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Location: UFOUpDatesList.Com > 2007 > Dec > Dec 3

Re: Melvin Brown And The MPs

From: Jan Aldrich <project1947.nul>
Date: Sun, 2 Dec 2007 18:44:08 -0500
Archived: Mon, 03 Dec 2007 07:58:06 -0500
Subject: Re: Melvin Brown And The MPs


>From: Kevin Randle <krandle993.nul>
>To: ufoupdates.nul
>Date: Thu, 29 Nov 2007 15:27:31 -0500
>Subject: Re: Melvin Brown And The MPs

>I think we have gotten a little deep into the weeds as we say in
>the Army. The point I was attempting to make was that Melvin
>Brown, simply because he was a cook was not disqualified from
>being assigned to guard duty at some point. I was suggesting
>that the MPs would be required to continue their normal duties
>whether it was patrolling in town, guarding the air base,
>guarding the bomb pits or hangars, or anything else that
>required it. Now, they were suddenly tasked with additional
>assignments which could have overwhelmed their ability to
>respond. Jan Aldrich didn't like my quoting doctrine about this,
>but this is where we turn in this circumstance. Doctrine tells
>us who would be pressed into service for these additional
>duties.

<snip>

>I have been quite interested in the take of everyone about this,
>and surprised at the tone of some of the responses. But I think
>we need to get out of the weeds at this point.


Kevin,

I do not dispute that all soldiers are basic infantry soldiers
due to basic training. As someone pointed out to me privately,
Westmoreland made many replacement infantry despite their MOS.

However, this is a garrison operation in the USA, not overseas
during WWII or RVN.

As a practical matter cooks do not go on guard duty. Of course,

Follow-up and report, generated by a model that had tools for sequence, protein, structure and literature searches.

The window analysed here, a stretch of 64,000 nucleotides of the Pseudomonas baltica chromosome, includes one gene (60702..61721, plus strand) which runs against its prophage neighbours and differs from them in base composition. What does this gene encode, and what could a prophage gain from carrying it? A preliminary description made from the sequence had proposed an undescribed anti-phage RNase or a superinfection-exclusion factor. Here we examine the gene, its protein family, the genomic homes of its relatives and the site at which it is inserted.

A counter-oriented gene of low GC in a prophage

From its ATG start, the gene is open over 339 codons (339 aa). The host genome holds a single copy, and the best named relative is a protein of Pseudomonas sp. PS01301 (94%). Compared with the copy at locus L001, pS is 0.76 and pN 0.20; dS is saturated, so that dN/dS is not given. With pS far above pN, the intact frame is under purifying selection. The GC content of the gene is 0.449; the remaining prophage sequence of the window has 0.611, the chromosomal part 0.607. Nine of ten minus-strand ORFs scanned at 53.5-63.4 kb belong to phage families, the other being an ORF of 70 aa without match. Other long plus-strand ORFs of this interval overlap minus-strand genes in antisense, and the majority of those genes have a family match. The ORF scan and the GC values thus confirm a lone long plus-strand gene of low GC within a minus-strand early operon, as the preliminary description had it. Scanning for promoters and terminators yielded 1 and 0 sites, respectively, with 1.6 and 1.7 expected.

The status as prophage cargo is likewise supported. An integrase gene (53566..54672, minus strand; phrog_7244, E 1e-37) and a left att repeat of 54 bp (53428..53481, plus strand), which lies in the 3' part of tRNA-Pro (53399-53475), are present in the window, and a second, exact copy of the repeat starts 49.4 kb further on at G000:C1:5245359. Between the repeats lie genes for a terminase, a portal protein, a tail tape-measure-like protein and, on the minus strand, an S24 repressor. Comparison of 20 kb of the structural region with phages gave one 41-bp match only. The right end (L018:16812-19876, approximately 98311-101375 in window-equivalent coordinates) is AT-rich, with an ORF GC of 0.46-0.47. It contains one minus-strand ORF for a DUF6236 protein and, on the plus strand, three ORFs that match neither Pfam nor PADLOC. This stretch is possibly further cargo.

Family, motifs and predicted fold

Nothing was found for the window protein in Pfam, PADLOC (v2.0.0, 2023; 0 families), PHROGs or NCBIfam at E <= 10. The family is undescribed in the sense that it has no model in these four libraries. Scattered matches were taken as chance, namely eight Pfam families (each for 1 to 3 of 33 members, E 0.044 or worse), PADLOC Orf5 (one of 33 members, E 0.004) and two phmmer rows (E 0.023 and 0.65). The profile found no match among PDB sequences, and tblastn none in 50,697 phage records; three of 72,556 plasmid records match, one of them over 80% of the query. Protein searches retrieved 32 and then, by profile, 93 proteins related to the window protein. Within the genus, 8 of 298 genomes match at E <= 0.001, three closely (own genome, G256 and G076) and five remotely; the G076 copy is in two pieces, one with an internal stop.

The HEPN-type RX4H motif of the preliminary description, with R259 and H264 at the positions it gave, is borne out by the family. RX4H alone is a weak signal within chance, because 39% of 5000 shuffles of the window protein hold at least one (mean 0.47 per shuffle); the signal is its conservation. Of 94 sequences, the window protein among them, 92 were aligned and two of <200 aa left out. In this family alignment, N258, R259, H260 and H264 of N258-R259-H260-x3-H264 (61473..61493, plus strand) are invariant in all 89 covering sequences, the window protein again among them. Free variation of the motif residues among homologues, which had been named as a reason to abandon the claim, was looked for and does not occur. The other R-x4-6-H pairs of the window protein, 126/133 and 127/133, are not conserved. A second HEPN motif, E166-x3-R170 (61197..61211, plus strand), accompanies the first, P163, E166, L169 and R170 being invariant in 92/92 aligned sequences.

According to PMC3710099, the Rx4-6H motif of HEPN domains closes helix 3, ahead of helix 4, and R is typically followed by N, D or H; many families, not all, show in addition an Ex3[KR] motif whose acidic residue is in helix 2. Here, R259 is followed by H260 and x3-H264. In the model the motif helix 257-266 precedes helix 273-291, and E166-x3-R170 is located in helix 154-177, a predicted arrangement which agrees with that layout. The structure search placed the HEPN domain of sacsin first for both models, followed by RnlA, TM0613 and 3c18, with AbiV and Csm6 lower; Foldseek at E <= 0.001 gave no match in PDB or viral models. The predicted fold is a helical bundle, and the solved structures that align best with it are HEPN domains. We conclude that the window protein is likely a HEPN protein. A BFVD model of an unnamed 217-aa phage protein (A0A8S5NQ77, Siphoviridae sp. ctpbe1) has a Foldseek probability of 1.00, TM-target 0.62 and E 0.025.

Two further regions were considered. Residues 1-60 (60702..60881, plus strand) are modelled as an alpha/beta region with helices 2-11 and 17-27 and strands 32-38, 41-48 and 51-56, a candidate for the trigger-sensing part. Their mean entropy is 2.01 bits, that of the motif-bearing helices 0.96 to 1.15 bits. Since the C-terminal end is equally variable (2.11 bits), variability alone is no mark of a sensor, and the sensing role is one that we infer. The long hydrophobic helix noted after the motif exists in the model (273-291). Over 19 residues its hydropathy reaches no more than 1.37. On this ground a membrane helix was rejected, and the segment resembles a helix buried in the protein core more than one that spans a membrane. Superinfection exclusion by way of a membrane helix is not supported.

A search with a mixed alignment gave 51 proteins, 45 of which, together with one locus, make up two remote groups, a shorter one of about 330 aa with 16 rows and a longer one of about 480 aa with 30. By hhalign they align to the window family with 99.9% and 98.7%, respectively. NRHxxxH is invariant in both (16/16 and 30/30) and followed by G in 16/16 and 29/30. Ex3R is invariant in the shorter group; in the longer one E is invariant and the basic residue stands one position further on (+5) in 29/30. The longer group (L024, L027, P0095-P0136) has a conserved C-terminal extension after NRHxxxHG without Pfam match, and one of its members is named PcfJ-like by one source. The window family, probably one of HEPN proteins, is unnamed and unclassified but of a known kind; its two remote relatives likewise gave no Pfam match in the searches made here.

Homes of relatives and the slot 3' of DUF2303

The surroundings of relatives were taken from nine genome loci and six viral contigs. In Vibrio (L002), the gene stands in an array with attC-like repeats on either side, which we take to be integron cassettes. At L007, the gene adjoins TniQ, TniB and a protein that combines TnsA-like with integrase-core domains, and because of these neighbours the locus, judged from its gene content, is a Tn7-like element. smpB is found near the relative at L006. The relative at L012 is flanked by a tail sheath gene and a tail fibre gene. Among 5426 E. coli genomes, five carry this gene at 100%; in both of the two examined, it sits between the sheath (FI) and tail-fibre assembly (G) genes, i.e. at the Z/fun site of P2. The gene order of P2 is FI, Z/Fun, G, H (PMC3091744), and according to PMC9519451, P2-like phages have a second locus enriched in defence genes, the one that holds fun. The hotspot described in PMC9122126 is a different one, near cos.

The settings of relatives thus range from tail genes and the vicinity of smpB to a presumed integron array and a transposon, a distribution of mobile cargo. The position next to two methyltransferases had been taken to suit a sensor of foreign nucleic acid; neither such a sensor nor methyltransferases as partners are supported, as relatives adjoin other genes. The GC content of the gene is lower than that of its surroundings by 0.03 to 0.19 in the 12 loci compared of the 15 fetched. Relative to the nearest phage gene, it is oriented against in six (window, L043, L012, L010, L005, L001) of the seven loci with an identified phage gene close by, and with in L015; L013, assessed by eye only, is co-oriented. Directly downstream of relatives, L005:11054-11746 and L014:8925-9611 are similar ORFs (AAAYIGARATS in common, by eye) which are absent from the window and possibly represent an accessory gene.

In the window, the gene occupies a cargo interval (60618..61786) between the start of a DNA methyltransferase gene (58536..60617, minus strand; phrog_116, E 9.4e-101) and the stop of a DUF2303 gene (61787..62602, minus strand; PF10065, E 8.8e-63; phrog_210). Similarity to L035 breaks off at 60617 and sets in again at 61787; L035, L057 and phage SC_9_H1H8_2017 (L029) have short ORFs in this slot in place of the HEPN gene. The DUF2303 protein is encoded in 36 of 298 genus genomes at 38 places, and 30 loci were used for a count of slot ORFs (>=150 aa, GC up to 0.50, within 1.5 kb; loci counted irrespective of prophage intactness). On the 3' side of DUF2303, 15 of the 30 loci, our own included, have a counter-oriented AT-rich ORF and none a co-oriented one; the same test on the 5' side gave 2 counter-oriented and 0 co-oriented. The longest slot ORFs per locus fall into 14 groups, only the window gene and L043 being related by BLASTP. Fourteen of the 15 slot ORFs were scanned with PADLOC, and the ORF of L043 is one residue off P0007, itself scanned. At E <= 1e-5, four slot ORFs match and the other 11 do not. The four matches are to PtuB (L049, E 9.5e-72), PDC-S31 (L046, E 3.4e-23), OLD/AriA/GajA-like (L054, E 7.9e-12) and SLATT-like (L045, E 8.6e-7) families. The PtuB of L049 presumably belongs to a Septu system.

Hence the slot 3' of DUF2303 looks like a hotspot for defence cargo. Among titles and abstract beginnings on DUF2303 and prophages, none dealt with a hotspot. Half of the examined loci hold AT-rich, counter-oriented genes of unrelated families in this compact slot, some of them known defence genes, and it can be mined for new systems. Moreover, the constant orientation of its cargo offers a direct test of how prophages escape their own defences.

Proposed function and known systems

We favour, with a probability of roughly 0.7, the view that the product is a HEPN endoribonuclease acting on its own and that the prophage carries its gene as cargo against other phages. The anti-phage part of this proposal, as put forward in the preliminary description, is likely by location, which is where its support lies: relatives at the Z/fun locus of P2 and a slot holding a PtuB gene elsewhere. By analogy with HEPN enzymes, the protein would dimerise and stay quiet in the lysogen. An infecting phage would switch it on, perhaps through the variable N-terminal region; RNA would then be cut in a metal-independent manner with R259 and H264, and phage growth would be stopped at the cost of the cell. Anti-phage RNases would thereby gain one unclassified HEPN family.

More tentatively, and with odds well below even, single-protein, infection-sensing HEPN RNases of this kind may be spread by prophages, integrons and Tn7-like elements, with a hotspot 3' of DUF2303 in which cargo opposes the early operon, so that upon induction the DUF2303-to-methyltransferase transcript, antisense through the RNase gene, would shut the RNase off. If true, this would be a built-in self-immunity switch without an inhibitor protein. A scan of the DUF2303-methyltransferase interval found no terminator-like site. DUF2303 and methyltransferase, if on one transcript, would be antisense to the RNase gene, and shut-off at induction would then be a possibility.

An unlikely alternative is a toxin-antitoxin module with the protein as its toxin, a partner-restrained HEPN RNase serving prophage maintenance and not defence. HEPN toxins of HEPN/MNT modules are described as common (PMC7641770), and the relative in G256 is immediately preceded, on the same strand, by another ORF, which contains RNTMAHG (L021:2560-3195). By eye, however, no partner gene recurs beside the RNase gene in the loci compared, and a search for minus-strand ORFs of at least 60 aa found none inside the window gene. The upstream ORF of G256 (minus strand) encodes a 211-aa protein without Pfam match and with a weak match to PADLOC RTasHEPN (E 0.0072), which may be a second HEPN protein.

you can always feed field rations, however, food keeps coming
into the installation unless it is stopped in advance due to
field training That is why cooks cook. Believe me I have sat
through numerous staff meeting where the mess hall head count
was a topic for discussion.

My question to you is when, if ever, have you seen cooks on
guard or other duties in a garrison situation?

Your comment that skeptics had objections to Brown's story was
what triggered my comment. Why did skeptics have to bring it up
at all? Why wouldn't an investigator question this himself?

As with the radar story at the beginning of your book. The whole
idea of Air Defense being able to take over operation of other
command's radar presents problems.  Most of these radars at
White Sands were crew served and can't be operated by one
man...The idea that an explosion can be seen on radar presents
problems depending on the radar.  McCoy tried to get interceptor
and radar support for Project SIGN but was rebuffed due to the
inadequate training, readiness or commitment of radar systems.

Hauling cargo in ambulance is contrary to policy, but am sure
you can get some fellow to jump in here with a thrid hand story
that his grandfather used an ambulance to haul brandy for
General Patton in his ambulance.  Ambulances haul medical TOE
equipment, medics personal gear, and patients. If there were
debris it should have been on other vehicles.

Certainly these above problems that investigators should have
recognized, and at the very least, commented on the problem
instead of waiting for skeptics to bring up.

Kaufman's story didn't impress me either, someone running around
with supposedly classified documents giving out little hints
here and there, but not letting anyone see the documents. That
seemed fishy. Great for a television program. The press at the
50th Roswell anniversary seemed to take Kaufman the most
serious. I didn't.


Jan Aldrich




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